Residents of Cape Town were treated to sights of a robot dog walking through the CBD as Dwyka Mining Services showcased Boston Dynamic’s Spot….
Charities are taking an increasingly entrepreneurial approach to sustaining their initiatives. US-based MalaikaForLife, for example, runs an ecommerce store that stocks bracelets produced by a group of 150 women in Tanzania. The proceeds go towards providing them with a source of sustainable income and for stamping out malaria in the region.
Then there’s DoGoodBuyUs, a type of Etsy for charities, which stocks hundreds of charity made products.
The trouble is that in order for a charity to produce these products, they need some kind of starting capital to produce the goods. One option would be to take a micro-financing approach through something like Kiva. A new startup from Hong Kong reckons they might have another option.
DonationShop collects donations for charity organisations through selling branded merchandise without initial investment for the seller. The startup invests in merchandise on behalf of the charity, provides the ecommerce platform and takes care of the delivery. When an item gets sold, DonationShop keeps a fee — close to the wholesale price of the product — and the rest of the profit goes to the charity. According to DonationShop’s transparency rules, all payments go directly to the seller’s PayPal account.
Founder David Rubben bootstrapped the idea following his experience in the merchandise manufacturing industry and found that charities had trouble raising funds to sell merchandise.
“Selling merchandise online to raise funds is a great idea, but it requires significant investment in product, time and labour from ordering branded merchandise to importing, selling, packing and shipping. Usually, most of the charities doesn’t have enough resources to do it, or do it efficiently,” says Rubben.
It’s a pretty risky business. In order to mitigate some of the risk of a charity’s product failing to sell, DonationShop offers smaller charities the option of selling unbranded merchandise.
“If we invest into branded merchandise it will be hard for us to sell if the charity can’t promote its donation shop,” says Rubben.
Launched very recently, the seed stage venture has yet to see much traction, but it’s an intriguing idea.
“It took us a full year of preparations to start. We developed product designs and techniques to produce branded merchandise in small quantities, without a sharp increase in production costs, designed efficient parcel packaging system to pack faster and established our own logistics centres in Hong Kong, Europe and US to effectively ship parcels worldwide,” says Rubben.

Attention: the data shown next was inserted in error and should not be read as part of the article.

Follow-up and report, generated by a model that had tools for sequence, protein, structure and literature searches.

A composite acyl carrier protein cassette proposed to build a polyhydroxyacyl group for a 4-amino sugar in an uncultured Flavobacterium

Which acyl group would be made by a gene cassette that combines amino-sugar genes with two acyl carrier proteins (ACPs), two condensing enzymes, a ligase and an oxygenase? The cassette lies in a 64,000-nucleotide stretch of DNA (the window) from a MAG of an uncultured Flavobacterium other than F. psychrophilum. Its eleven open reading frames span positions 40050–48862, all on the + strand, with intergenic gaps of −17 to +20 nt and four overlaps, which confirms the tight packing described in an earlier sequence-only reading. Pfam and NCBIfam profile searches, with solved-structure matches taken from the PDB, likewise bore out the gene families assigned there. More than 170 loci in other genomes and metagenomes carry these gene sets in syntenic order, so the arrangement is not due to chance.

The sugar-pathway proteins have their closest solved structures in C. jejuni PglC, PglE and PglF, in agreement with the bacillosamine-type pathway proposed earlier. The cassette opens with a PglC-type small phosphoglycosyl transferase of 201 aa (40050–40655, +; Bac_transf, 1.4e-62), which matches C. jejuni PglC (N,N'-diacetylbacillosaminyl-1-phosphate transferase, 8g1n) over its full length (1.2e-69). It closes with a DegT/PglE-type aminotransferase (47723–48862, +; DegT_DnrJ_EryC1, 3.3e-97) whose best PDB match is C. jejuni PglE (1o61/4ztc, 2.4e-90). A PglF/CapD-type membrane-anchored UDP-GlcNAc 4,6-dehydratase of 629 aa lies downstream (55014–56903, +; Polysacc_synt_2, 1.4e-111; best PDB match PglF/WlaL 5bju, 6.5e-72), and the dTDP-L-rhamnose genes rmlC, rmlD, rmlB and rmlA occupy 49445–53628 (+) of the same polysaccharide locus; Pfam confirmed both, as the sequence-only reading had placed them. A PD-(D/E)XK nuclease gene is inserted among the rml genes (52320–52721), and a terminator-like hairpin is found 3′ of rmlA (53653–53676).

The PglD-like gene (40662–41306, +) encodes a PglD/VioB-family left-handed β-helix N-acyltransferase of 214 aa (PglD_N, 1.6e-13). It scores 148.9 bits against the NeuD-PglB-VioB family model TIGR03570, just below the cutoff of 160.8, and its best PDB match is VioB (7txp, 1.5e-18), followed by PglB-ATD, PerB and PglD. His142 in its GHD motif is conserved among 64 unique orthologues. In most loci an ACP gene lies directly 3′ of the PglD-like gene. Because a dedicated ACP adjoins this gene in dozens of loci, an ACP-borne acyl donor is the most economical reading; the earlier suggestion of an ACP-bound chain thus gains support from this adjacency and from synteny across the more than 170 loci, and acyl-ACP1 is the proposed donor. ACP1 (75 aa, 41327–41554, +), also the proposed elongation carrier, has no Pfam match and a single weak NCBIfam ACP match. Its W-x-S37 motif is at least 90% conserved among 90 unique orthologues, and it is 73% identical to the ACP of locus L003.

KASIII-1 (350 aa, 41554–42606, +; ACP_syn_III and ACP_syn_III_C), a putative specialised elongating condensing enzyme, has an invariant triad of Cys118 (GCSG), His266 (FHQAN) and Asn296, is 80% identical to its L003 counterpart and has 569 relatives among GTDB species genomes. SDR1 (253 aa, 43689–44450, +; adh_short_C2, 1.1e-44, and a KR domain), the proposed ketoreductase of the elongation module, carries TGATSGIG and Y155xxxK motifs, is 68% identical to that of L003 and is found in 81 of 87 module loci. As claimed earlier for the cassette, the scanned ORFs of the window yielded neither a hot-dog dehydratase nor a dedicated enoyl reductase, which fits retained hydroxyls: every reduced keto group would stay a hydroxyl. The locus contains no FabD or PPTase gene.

The raw material and components enter the factory in mainland China, and exit in a postal shipment box addressed to the end-user of the product.
“Cutting supply chain costs, we are able to offer wholesale prices to the charities for quality merchandise and cost efficient worldwide delivery,” says Rubben.
Rubben says that his company’s largest challenge is convincing charities to try out the service.
“Since this is a very new way to collect donations, our goal is to create a trend among public figures, brands or companies to have a donation shop and use their names to help. That’s the biggest challenge,” says Rubben.
Charities and individuals willing to promote sales on behalf of charities — Rubben underlines the gravitas of public figures — go through a screening process.
“Anybody can open a donation shop as long as he/she can demonstrate an ability to promote it successfully and commits to sending all profits to the charities,” notes Rubben.
Successful applicants get an online store through which they can select the type of branded item they’d like to sell. Once the shop owner has sent through a brand logo or images, DonationShop starts the designing and manufacturing process, and calculates the product and shipping cost for each item.
Once the initial quantity of a branded product is ready, the store promotion can commence. DonationShop will bill charities or those selling on behalf of charities on a recurring basis for products sold.
It’s still early days for DonationShop, but it’s an idea with heart. Rubben hopes that having a “donation shop” becomes the go-to ecommerce tool for public figures who support charities.
Since Rubben’s venture encompasses control of the entire supply chain, charities located in countries where the infrastructure isn’t well-developed, stand to benefit.
“Through DonationShop, a charity in Africa, Latin America or anywhere else in the world, is able to sell merchandise to collect donations globally, without investing any money, paying high shipping fees or dealing with product stocks,” says Rubben.
Hmm, Foxconn for charities anyone?